On March 19, 1936, the Rutland Herald wrote that the Massachusetts State Police announced the Vernon Dam had collapsed the night before, and flood waters were headed toward Massachusetts. If the report were true, then the burst dam meant the destruction of a great deal of property and the loss of many lives.
That day’s Burlington Free Press reported, “Raging waters continued to sweep over Vermont yesterday taking a toll of four lives and uncounted property damage and disrupting rail, bus and auto traffic throughout the state, as rivers and streams, already overflowing their banks, continued to rise as heavy rains and unseasonal warm water proceeded to melt the winter’s accumulation of snow and ice, sending the resulting waters roaring down from the hills and through the lower valleys. The huge power dam at Vernon, under pressure of 6 miles of ice jam, which spewed the waters of the Connecticut River over acres of lowland, went out at 11:10 p.m. last night.”
Late in the evening of March 18, New England radio stations began announcing, “The Vernon Dam on the Connecticut River has broken.” Fear spread quickly. In Turners Falls, Mass., 10 blasts from the fire whistle sounded. This was the call for the state militia to report, as imminent disaster was expected. Much of the town did not have electricity, so the reports of the dam collapse were shared door to door. Phone lines were overwhelmed with people trying to find out what was happening. Emergency personnel scrambled to begin evacuating the local hospital. Phone calls to the dam went unanswered. As news spread, the streets filled, and people began evacuating for higher ground. The last report circulating in town was ice and water had forced the dam to collapse, and a large wall of water was heading toward Turners Falls.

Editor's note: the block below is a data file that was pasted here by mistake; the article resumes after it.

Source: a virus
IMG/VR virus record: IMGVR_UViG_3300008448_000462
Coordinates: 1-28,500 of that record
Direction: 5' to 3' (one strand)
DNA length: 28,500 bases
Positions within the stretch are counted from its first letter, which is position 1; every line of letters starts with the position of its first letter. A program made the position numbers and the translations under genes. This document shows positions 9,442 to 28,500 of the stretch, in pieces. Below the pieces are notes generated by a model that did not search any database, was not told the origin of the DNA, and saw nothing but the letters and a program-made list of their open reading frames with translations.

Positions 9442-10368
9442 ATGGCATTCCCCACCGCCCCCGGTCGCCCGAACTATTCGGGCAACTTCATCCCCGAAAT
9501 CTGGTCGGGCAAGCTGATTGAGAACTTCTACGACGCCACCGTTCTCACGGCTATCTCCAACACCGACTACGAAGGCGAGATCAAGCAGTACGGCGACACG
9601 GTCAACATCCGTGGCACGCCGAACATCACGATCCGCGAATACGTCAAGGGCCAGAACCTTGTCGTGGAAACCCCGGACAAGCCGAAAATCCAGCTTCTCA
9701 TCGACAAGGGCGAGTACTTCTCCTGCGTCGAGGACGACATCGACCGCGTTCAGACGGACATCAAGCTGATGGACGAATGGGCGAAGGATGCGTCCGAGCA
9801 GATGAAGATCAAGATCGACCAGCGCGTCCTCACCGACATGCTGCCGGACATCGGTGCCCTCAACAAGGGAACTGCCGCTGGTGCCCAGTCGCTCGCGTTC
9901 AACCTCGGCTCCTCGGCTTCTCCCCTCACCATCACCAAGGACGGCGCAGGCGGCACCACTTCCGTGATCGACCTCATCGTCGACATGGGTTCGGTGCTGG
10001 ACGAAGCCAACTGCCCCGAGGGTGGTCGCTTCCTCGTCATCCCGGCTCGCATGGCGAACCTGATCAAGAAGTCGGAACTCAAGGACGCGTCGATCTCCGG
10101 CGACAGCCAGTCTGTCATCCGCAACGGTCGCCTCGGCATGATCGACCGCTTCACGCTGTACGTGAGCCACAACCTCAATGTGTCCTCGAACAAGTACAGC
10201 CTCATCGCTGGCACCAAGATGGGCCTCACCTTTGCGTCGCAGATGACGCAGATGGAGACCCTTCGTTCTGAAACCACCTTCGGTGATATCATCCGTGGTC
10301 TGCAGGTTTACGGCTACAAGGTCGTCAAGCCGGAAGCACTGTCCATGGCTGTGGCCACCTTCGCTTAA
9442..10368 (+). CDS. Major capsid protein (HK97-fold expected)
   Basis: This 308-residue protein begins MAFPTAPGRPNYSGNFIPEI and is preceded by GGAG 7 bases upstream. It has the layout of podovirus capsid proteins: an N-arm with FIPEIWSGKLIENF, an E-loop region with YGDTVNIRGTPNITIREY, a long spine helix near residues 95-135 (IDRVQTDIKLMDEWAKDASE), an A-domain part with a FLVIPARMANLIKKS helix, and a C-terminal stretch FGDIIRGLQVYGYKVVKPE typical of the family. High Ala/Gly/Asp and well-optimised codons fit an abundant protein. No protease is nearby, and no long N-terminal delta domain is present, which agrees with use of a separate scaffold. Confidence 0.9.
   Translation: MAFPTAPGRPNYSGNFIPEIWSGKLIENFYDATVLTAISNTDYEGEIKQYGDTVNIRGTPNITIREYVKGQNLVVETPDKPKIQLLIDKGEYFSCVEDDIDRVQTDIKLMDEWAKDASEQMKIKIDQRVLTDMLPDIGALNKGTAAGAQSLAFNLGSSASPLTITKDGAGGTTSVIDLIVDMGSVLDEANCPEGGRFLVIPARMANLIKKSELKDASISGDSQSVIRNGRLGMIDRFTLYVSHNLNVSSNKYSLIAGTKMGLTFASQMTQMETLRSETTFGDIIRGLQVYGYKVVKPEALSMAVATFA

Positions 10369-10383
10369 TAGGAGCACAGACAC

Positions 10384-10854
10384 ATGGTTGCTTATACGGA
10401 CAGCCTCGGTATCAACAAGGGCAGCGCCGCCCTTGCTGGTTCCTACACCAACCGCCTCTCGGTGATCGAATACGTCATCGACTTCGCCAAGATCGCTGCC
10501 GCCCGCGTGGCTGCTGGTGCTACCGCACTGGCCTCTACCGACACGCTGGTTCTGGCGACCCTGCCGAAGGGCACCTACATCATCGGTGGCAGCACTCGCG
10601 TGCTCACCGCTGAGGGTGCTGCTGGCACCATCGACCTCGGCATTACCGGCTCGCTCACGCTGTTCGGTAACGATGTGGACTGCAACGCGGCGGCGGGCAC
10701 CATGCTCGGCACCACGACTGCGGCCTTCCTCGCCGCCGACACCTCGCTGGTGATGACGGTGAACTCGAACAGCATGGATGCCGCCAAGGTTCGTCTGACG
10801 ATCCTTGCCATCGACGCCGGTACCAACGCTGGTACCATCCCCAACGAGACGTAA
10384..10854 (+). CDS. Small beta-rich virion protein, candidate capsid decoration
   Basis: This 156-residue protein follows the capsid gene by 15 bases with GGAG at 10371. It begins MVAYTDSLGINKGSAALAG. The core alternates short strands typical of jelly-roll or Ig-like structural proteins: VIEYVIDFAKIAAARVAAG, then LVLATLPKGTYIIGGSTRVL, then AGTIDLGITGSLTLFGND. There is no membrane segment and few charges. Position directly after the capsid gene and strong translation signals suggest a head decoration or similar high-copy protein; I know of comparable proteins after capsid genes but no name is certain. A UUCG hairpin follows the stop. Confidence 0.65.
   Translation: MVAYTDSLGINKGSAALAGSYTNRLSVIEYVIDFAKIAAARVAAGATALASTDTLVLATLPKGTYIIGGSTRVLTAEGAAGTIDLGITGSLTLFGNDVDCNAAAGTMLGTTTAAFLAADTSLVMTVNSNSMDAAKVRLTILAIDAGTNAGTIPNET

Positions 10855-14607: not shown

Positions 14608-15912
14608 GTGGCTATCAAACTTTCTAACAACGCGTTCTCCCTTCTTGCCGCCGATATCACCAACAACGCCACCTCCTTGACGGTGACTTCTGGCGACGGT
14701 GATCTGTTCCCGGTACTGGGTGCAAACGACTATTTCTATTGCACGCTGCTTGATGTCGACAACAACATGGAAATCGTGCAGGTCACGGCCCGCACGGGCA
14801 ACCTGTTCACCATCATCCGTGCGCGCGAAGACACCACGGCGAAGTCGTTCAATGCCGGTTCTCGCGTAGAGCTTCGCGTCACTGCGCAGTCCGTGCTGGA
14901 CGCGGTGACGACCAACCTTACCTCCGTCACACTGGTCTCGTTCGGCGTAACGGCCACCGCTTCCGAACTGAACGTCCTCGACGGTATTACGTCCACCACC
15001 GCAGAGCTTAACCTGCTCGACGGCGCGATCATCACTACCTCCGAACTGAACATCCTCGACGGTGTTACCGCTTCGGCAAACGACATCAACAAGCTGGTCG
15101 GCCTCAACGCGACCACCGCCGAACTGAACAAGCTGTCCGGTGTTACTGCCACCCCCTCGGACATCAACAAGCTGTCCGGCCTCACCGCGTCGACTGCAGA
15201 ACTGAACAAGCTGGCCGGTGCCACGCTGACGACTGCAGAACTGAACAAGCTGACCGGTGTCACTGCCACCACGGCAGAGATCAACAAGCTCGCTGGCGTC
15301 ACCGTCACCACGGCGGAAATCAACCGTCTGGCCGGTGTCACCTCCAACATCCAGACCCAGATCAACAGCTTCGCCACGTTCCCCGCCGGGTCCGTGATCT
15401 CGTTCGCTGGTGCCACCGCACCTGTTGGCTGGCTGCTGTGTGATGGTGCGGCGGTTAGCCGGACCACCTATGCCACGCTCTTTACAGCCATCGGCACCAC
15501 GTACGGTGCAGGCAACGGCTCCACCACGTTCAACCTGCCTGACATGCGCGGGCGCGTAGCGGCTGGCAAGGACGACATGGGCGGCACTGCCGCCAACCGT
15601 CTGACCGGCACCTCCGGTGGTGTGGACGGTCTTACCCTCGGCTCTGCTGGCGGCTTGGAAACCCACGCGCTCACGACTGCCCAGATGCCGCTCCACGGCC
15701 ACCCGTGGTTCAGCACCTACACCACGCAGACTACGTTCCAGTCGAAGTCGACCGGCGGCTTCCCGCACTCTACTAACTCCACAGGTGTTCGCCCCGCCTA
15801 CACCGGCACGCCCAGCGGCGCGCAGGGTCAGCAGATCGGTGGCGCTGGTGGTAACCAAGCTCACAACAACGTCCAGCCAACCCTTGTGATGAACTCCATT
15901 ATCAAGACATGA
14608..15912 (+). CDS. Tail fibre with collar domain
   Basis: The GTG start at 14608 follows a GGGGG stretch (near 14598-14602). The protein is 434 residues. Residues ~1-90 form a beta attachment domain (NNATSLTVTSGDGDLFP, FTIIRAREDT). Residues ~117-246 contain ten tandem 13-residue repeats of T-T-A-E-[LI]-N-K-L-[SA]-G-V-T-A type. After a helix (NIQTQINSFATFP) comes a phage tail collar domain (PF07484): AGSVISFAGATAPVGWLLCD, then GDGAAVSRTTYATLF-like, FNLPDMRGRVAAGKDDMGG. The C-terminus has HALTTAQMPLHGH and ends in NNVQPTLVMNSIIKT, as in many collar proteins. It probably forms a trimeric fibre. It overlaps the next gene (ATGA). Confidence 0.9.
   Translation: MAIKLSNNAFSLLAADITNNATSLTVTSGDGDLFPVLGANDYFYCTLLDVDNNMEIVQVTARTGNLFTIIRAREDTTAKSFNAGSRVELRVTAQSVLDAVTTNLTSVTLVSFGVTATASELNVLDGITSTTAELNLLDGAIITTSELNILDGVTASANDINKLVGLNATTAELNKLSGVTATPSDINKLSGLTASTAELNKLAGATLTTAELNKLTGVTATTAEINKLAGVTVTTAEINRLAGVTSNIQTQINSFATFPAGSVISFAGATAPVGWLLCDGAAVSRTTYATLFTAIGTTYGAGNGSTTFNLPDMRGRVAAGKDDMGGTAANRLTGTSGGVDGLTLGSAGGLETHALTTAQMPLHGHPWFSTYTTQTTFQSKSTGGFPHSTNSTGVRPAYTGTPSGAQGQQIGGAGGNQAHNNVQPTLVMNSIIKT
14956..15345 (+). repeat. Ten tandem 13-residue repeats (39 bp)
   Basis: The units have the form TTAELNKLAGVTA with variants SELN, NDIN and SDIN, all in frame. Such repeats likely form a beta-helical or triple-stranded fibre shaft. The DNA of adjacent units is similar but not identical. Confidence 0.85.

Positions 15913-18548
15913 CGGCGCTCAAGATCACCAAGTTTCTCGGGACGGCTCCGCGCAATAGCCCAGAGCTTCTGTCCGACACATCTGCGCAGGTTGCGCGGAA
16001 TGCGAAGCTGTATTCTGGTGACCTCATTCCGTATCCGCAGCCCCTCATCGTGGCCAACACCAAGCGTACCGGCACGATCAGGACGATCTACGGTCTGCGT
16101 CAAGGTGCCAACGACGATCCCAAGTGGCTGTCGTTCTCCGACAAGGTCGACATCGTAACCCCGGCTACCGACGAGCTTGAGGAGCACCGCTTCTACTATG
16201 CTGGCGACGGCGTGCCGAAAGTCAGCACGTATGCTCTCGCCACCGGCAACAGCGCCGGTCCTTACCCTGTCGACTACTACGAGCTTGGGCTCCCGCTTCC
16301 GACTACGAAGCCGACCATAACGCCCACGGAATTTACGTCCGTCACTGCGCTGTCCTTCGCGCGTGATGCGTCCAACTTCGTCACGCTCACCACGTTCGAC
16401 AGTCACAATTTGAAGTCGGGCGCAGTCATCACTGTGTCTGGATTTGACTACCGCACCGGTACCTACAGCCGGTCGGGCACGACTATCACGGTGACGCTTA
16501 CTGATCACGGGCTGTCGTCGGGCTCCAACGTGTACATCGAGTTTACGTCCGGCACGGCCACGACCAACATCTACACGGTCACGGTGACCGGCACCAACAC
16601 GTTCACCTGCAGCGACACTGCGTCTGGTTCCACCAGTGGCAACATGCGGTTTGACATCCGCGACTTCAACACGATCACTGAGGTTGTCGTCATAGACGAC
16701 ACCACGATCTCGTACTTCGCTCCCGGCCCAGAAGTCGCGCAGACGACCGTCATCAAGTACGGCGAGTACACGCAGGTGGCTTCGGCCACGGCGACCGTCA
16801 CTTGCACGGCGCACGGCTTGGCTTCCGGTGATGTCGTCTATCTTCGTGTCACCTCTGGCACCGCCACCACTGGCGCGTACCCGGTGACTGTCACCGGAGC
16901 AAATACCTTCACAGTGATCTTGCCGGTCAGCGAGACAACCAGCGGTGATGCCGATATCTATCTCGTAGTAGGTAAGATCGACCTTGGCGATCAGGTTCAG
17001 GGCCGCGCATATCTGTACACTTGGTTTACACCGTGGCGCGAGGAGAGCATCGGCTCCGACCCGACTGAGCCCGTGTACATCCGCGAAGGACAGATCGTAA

Emergency phone operators at the Western Massachusetts Electric Co. continued to make calls to the dam, but there was no answer. A half hour after the collapse was announced, workers at the dam were able to contact the local phone company and let the manager know that the dam was still holding. With electricity out in much of the area, the news was quickly spread by the phone company.
The information was not all positive. The dam was still intact, but it was thought to be in an unstable condition because of the terrific pounding it had been taking for more than a day. From the brief report, it was learned that water was indeed eating around the east end of the dam, and a flood might still be on its way.
At the dam, over 100 men were at work, filling sandbags and attempting to block the water from forcing its way around the man-made barrier. At 12:30 a.m., more than an hour after reports of the Vernon Dam collapse were made, news reached Turners Falls that the threatening earthen hole had been plugged.
By 1:20 a.m., a little more than two hours after the false report of a collapsed dam, information was shared with emergency personnel that the river had crested and water pressure on the Vernon Dam was subsiding. Turners Falls’ street lights came back on, and recently panicked residents returned to their homes.